Most people are fully entitled to enjoy one wonderful hour a day where they tuck into a delicious lunch, kick back with a book, or browse the shops for some ‘me’ time; but in a culture of high workloads and low job security, many workers are left feeling guilty, or altogether unwilling, to take their daily lunch breaks.
So it will probably come as a surprise to the worriers that a reassuring 85% of employers think it’s perfectly acceptable for employees to take advantage of their full lunchtime entitlement; compared to 64% of jobseekers.
According to the 1998 Working Time Regulations, everyone is entitled to a 20 minute break when working more than six hours; but extra breaks can be given by employers, with an hour for lunch being most common. However, whilst employers have a responsibility to make sure their workers can take lunch breaks, they’re not obliged to make them.
In 2011, BUPA found that only 30% of employees were taking a lunch hour: more than a third (34%) experienced pressure from managers to work through their lunches, and half blamed the weight of their workloads for standing in the way of their daily break; but whatever the reason, the impact this can have is significant. Many studies have shown that an overworked employee will ultimately prove unproductive; not to mention that fact that stress and overworking could have worrying health implications.
A positive cultural shift in the workplace towards taking proper lunch breaks - even organising fun lunchtime outings as a team - would not only improve overall employee wellbeing, but productivity as well. Nearly all employees (99%) agree with this, and could set an example by breaking the bad habit of skipping lunch or eating at their desks.
Reaping the benefits
There’s a big culture of lunch-break denial in the UK, as many employees think their boss won’t like them taking time out from the office, or that colleagues will think they’re slacking when there’s a lot of work to be done; but with a little change in mindset, employers and workers alike will realise that by taking lunch hours away from their desks, productivity, stamina and enjoyment will soar.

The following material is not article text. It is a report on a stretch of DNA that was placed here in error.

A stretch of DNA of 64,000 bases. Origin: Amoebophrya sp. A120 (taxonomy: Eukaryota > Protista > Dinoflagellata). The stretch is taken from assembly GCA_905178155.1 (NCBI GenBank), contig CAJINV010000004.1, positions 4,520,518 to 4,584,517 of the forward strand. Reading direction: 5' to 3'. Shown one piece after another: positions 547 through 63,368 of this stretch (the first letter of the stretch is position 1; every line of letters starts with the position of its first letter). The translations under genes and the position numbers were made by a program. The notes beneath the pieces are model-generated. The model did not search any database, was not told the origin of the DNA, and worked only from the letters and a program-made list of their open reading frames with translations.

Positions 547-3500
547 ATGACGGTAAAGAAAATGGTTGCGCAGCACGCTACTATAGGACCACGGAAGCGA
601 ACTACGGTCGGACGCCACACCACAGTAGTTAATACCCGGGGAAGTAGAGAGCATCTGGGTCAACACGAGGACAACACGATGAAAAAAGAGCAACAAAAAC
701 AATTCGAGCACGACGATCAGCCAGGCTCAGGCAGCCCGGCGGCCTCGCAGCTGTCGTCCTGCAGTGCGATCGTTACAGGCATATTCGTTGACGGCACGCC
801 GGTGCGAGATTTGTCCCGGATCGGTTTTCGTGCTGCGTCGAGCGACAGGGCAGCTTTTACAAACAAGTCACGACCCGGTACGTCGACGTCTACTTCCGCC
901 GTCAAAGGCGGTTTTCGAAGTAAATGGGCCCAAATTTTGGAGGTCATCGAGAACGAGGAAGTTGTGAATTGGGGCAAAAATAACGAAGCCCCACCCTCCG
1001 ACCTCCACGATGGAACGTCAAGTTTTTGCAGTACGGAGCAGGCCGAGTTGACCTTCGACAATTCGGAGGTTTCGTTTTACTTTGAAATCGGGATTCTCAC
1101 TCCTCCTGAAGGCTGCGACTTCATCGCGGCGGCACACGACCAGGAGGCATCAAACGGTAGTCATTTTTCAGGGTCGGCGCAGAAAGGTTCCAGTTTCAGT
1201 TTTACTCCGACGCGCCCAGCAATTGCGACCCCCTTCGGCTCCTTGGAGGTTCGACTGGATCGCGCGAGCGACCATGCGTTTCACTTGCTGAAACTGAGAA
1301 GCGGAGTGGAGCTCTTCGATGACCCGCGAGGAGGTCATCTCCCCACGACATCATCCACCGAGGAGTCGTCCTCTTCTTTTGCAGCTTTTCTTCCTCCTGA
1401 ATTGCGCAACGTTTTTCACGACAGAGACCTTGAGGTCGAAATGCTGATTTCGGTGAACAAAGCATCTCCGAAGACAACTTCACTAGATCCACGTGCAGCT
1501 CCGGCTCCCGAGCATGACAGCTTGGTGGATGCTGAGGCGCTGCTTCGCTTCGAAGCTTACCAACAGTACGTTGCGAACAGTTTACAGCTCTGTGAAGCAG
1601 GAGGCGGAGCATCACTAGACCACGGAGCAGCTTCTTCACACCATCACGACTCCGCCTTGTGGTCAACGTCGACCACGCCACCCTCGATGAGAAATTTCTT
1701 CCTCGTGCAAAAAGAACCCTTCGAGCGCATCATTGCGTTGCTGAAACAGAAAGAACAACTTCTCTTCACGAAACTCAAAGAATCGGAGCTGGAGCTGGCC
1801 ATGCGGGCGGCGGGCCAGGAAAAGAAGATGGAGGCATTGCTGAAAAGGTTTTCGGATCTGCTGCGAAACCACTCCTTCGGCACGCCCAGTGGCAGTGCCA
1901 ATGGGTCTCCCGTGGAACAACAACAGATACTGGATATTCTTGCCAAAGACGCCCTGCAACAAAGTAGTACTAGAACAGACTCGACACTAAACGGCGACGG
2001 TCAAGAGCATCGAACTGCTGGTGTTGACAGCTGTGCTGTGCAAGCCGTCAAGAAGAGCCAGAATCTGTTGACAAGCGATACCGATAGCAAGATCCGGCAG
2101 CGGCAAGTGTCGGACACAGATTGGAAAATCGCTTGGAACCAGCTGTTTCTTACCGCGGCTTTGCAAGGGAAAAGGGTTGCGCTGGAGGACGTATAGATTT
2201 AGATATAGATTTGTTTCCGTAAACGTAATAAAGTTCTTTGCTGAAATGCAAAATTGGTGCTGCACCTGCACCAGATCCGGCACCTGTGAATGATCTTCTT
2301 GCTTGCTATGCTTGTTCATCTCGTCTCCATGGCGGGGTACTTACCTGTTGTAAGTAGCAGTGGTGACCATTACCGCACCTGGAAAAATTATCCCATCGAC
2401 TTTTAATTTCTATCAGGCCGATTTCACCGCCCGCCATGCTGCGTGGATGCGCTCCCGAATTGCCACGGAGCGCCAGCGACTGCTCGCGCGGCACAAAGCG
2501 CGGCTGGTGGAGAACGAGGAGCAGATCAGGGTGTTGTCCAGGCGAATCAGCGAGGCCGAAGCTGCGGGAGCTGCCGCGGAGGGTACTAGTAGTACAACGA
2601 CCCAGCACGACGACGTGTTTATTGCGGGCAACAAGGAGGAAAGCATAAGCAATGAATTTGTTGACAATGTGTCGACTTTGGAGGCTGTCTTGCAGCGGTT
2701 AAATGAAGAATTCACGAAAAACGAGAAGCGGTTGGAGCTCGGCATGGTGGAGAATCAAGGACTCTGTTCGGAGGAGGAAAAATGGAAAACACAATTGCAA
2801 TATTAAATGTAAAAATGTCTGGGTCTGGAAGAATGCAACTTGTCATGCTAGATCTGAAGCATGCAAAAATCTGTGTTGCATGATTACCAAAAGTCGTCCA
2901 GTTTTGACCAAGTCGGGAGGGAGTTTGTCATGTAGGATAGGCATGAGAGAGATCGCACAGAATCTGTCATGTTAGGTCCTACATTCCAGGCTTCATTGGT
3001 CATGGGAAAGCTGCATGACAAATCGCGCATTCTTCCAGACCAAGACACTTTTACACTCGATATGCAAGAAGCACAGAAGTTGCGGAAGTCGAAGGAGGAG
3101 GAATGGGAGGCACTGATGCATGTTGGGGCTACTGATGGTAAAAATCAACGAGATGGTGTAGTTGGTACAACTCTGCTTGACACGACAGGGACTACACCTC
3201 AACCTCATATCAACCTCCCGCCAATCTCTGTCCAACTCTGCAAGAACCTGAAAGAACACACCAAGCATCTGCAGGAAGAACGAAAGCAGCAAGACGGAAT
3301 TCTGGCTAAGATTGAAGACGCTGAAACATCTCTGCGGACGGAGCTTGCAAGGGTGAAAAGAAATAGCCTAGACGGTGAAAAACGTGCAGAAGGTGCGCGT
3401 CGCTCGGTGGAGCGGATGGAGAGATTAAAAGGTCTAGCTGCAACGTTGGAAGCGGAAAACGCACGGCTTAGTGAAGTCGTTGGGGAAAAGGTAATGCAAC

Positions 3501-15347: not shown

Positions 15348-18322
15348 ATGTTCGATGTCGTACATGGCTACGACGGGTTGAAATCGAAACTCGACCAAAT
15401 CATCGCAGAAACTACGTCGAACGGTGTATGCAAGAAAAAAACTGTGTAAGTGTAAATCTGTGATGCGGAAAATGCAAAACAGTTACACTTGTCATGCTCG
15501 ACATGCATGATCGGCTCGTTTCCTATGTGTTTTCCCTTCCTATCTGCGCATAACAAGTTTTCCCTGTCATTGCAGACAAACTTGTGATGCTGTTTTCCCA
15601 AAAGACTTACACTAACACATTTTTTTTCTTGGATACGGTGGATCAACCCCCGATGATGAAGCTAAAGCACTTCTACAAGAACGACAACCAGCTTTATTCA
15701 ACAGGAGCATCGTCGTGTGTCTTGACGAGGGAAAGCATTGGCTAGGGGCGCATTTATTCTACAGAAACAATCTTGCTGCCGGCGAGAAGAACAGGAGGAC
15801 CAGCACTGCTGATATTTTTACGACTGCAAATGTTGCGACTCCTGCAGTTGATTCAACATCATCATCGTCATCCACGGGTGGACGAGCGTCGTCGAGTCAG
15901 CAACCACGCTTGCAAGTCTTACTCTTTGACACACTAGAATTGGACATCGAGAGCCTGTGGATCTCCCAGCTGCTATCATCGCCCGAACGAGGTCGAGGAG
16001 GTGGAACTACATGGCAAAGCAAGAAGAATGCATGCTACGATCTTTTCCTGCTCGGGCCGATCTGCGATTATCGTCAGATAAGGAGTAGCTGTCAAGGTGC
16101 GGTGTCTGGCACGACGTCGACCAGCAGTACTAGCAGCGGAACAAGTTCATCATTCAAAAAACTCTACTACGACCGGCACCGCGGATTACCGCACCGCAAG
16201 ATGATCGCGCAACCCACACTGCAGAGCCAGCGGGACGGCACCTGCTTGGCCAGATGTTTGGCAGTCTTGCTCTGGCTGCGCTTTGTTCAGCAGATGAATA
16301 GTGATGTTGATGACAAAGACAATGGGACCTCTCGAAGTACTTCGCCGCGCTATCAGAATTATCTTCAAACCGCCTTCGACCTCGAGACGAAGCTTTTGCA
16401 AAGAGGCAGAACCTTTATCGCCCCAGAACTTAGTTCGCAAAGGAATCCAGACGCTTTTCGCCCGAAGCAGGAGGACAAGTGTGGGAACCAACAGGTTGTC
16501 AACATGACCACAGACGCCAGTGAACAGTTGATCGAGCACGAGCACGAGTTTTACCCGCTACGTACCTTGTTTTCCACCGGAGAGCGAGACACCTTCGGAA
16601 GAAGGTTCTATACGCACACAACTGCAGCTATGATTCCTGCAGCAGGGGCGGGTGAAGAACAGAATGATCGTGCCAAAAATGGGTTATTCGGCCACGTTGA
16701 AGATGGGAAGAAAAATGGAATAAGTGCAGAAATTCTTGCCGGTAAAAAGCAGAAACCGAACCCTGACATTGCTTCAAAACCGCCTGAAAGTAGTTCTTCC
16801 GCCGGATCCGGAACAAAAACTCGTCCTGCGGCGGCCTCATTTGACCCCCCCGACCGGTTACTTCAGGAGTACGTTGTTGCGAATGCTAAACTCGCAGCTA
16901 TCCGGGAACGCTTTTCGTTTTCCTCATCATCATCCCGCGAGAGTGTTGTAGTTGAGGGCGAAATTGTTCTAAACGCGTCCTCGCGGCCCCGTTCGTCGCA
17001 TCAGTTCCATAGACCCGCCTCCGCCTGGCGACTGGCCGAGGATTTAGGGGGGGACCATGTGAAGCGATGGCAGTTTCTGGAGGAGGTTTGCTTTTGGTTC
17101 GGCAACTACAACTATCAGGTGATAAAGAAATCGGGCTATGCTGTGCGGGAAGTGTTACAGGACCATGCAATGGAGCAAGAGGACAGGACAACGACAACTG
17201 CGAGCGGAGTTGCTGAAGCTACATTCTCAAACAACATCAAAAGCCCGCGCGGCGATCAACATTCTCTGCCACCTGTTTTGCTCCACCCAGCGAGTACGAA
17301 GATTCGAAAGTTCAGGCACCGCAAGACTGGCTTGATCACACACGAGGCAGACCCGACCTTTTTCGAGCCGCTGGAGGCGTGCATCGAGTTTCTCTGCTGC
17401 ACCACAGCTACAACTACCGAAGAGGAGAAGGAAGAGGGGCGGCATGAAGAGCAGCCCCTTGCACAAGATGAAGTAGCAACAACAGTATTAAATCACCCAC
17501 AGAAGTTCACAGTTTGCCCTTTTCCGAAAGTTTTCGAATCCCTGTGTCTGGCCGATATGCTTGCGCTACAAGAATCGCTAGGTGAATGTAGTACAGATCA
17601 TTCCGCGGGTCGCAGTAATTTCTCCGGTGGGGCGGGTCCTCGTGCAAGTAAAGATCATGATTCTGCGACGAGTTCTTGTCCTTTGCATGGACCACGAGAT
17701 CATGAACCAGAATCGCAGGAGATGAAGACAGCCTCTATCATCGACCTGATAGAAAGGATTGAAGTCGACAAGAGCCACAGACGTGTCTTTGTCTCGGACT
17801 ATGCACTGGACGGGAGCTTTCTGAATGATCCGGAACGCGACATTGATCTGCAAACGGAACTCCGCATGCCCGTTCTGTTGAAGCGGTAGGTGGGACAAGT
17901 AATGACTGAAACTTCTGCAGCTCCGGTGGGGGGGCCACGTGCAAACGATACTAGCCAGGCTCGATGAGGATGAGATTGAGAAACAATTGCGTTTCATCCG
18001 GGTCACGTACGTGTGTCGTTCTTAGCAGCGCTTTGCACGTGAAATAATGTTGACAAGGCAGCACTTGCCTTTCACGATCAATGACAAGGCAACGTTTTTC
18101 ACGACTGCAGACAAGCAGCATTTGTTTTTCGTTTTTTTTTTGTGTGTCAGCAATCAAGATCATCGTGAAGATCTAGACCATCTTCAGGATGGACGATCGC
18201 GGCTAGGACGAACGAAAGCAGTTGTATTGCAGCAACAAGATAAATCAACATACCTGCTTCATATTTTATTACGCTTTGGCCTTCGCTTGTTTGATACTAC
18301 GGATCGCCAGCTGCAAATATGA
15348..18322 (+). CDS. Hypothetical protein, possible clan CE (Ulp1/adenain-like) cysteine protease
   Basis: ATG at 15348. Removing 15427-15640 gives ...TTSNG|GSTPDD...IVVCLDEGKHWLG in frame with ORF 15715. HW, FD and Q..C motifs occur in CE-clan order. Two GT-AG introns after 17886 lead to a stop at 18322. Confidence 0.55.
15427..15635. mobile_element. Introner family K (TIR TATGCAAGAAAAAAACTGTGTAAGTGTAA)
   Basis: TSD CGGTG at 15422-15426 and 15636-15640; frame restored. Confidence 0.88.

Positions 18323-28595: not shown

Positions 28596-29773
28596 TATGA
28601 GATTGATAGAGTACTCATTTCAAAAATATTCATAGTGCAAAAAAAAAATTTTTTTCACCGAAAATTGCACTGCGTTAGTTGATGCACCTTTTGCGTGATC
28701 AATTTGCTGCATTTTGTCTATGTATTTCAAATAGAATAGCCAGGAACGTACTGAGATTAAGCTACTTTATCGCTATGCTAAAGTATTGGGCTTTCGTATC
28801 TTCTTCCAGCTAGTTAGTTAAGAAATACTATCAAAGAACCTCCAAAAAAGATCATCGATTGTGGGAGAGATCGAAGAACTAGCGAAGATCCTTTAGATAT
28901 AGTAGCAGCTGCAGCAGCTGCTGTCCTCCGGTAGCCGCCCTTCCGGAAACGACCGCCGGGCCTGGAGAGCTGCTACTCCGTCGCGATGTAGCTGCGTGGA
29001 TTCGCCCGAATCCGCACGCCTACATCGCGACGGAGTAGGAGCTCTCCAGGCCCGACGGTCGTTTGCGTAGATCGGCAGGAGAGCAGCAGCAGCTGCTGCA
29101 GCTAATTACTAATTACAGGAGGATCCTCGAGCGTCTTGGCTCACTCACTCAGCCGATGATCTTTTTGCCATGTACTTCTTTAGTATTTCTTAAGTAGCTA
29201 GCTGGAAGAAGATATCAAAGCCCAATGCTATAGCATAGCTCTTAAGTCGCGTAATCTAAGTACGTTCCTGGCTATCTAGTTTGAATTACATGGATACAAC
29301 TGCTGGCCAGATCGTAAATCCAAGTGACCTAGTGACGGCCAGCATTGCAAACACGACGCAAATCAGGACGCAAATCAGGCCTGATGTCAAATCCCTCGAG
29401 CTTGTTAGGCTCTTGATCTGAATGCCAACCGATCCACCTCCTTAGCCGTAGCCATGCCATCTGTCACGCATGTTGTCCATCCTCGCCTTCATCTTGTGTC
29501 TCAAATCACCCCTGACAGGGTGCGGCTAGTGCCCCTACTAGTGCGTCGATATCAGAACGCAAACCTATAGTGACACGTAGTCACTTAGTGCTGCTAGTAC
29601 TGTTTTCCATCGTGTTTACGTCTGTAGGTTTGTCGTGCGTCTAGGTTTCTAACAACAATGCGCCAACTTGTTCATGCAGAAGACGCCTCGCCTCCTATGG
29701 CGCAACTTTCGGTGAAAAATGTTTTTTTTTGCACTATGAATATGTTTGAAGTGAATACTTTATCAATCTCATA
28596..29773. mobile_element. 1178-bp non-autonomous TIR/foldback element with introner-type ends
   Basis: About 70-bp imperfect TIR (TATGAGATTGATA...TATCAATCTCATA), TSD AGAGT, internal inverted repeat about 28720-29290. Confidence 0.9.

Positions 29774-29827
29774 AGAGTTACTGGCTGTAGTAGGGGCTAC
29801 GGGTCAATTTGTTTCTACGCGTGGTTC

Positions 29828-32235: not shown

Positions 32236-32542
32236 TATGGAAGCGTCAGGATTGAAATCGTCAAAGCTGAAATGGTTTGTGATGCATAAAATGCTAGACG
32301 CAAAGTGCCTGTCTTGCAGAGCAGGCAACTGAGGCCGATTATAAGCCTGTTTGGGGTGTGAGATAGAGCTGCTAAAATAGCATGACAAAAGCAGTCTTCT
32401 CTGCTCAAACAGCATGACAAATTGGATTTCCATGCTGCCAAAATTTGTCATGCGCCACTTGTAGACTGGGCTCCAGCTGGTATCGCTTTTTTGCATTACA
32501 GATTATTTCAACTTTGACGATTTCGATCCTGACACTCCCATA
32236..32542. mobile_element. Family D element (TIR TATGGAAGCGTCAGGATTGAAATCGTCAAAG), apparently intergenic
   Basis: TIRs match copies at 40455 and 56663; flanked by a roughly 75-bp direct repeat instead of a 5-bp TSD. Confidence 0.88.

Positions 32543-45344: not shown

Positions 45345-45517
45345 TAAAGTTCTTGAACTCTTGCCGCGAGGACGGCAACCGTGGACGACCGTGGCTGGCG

Of course it’s just as important that when you do get away from work, you detach yourself psychologically as well as physically. If you’re stressed about being away from your desk, you won’t feel the benefits. And on that note, it’s a good idea to avoid talking about work if you take your break with a colleague. Introduce a ‘no work talk’ rule for the duration of your lunch hour, and actually enjoy the diversion that different conversation can bring.
Striking a balance
Understandably, 60% of the employers that we surveyed believe that regularly taking long lunches is not acceptable; compared with 57% of jobseekers. If you’re going to make the most of your allotted hour, just make sure you respect the boundaries.
It’s also worth keeping an eye on the amount of smoking breaks you take. Almost a fifth of employers (18%) believe smoking breaks are simply unacceptable; compared with just 27% of employees.
Luckily, employers are a little more understanding when it comes to tea breaks (good old England), with 25% deeming them always acceptable. Interestingly, just 16% of employees share this view; meaning that workers may be judging the strictness of their employers a little unfairly.
Be careful to mind the small breaks you take throughout the day - even though it is advisable to get away from your computer for 5 minutes every hour, just for a minute or two - but don’t underestimate the importance of taking the lunch break that you’re entitled to. We know it won’t always be possible, but it shouldn’t be a rare occurrence.
And whatever you do to enjoy it, make sure you do just that: enjoy.
Download our ahead of the game research on lunch breaks.